A program that eliminates carbs and fat is not often recommended. Instead, you should be looking for regimens that increase lean protein, complex carbs, and healthy fats. Permanent weight loss should not be seen as a sprint. Instead, it should ideally lead to lifestyle changes that enable you to maintain your new, healthy weight.

However, if you desire quicker results, you could try a low-carb, high-protein diet, keto, or paleo diet.

Remember, the sustainability of such diets is variable and does depend on each individual.

Best Weight Loss Programs for Women

Women’s bodies go through many changes throughout their lives, with each event taking its toll on the body. Menopause, in addition to general aging, can often make weight loss particularly challenging for women. It’s estimated that around two in three women are either overweight or obese.

Generally, women seem to have the greatest success with natural weight loss programs such as those with The Mayo Clinic or the low-fat, low-calorie diets with Nutrisystem. Again, faster results can be achieved with diets like the restrictive keto diet, but some struggle with maintaining such regimens on a long-term basis.

Keep in mind that there is some overlap between the best weight loss programs for men and women. For example, Weight Watchers, Jenny Craig, and Medifast provide tailored plans with the added benefit of coaching for both men and women.

How Can I Lose Weight?

While you will find more comprehensive information and guidance in a weight loss program, there are some basic principles that you can apply in your everyday life to help you lose weight.

Exercise Regularly

Making exercise a regular habit is essential to sustainable weight loss. It is recommended that you get around two and a half hours of moderate exercise each week, but considerably more than this is advisable if you’re looking to lose those pounds.

However, if that seems too much, then build-up to it. Don’t be discouraged if you can’t hit your target straightaway. Everything counts when it comes to your health.

As always, consult a physician if you’re concerned about your physical health and ability to exercise. Although it is great to push your limits to increase your stamina and strength, you must listen to your body. If you feel you need a break, take a break and don’t feel guilty about it.

Eat More Fruit and Veggies

Increase your fresh fruit and vegetable intake. Fruit and vegetables packed with so much natural goodness and low calories are the way to go for weight loss and improved well-being.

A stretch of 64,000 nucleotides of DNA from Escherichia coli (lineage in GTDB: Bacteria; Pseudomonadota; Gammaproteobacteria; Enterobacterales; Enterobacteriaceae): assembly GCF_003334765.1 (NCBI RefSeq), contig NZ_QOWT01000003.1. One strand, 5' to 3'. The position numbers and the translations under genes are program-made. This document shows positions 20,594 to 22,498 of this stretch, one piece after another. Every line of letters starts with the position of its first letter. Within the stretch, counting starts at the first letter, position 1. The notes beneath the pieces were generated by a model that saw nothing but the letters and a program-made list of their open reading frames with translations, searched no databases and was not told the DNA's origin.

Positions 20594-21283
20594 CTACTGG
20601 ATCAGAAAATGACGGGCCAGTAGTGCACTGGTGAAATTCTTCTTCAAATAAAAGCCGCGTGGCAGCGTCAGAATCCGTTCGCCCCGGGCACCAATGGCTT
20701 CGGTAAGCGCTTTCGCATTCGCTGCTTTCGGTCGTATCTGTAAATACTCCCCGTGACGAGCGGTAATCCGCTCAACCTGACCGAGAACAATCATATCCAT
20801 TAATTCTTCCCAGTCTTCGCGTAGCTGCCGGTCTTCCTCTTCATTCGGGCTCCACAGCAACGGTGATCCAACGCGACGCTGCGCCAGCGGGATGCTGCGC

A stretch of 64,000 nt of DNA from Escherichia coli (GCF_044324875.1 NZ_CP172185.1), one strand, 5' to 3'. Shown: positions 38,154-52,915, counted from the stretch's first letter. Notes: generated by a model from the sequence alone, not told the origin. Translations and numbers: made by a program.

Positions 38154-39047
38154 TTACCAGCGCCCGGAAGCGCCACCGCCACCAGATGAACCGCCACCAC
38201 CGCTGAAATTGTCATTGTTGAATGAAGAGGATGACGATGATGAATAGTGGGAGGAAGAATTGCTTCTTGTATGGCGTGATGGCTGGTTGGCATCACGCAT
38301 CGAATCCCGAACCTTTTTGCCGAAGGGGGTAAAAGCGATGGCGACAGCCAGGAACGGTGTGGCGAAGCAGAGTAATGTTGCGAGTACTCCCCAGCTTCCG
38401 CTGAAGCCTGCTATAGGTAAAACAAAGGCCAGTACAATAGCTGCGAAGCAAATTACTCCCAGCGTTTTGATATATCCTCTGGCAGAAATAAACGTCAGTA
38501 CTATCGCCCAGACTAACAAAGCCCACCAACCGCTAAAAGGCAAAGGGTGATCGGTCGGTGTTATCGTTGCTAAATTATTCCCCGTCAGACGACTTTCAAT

If you’re consuming enough fruit and vegetables, you won’t likely have to worry about vitamin or mineral deficiencies, which is another bonus.

Watch Out For Carbs, Sugars, and Starches

Be mindful of your carbs intake and cut down on sugars and starches. Excessive carb consumption can stimulate your appetite, especially if you’re mainly having simple carbs like white bread. Reduce your carbs intake so that your body will burn fat instead of carbs.

You should also try to switch the remaining carbs you eat to complex ones and see how it fuels your body for longer, meaning you need to eat less and can, therefore, be satisfied with eating fewer calories.

Up Your Lean Protein Intake

Increase your consumption of lean protein as this is essential for muscle mass maintenance and increasing your metabolic rate.

Eating foods that boost your metabolic rate is particularly crucial for Boomers, as your body metabolizes food more slowly as you age. which can make losing weight more difficult (and can leave you prone to quickly putting on weight.)

Good sources of lean protein include chicken, eggs, various seafood, fish, and beans and legumes.

Things to Consider When Comparing/Choosing a Weight Loss Program

Now that you have information about weight loss programs, you’re probably wondering how to compare and choose the right one for you.

Start by establishing precisely what you want to achieve from a weight loss program. Things like information and guidance on nutrition and exercise are a given, but what format would best suit you? Do you prefer to have it written out in a booklet, or do you prefer to watch videos?

Consider the guidance and motivational aspect of this journey. People are much more likely to succeed at losing weight and keeping it off if they receive support. Would you prefer online support or face-to-face coaching?

And think about what motivates you – you can reflect on a past experience where you set out to achieve a goal and succeeded in doing so. What kept you going when things got tough or after the novelty wore off? You can try applying it in this context.

You need to think about each weight loss program’s practicalities, as this will affect how likely you are to follow through.

Would you prefer to receive prepackaged meals, fresh ingredients for you to cook up, or meal replacements? Do you have any dietary restrictions or allergies that you need to consider before committing to a diet?

Of course, you must set a budget and try to stick to it as well. There are many programs on offer, so you’re bound to find something that suits both your palate and wallet.

Read reviews of the programs you’re considering, so you have insight into the overall experience. You’ll gain a lot of tips from the program’s successful and unsuccessful users.

Watch out for red flags. Lofty claims like no exercise needed to lose weight, or guaranteed weight loss in certain body areas, or unlimited calorie consumption are often empty promises that do not deliver results.
Such programs also give you unrealistic expectations, making it very likely you’ll give up once you don’t see the promised results.

Pro Tip: Achieving and maintaining a healthy weight will take effort. This effort is entirely worthwhile as it can result in a healthier body overall and increased self-esteem. You can do it!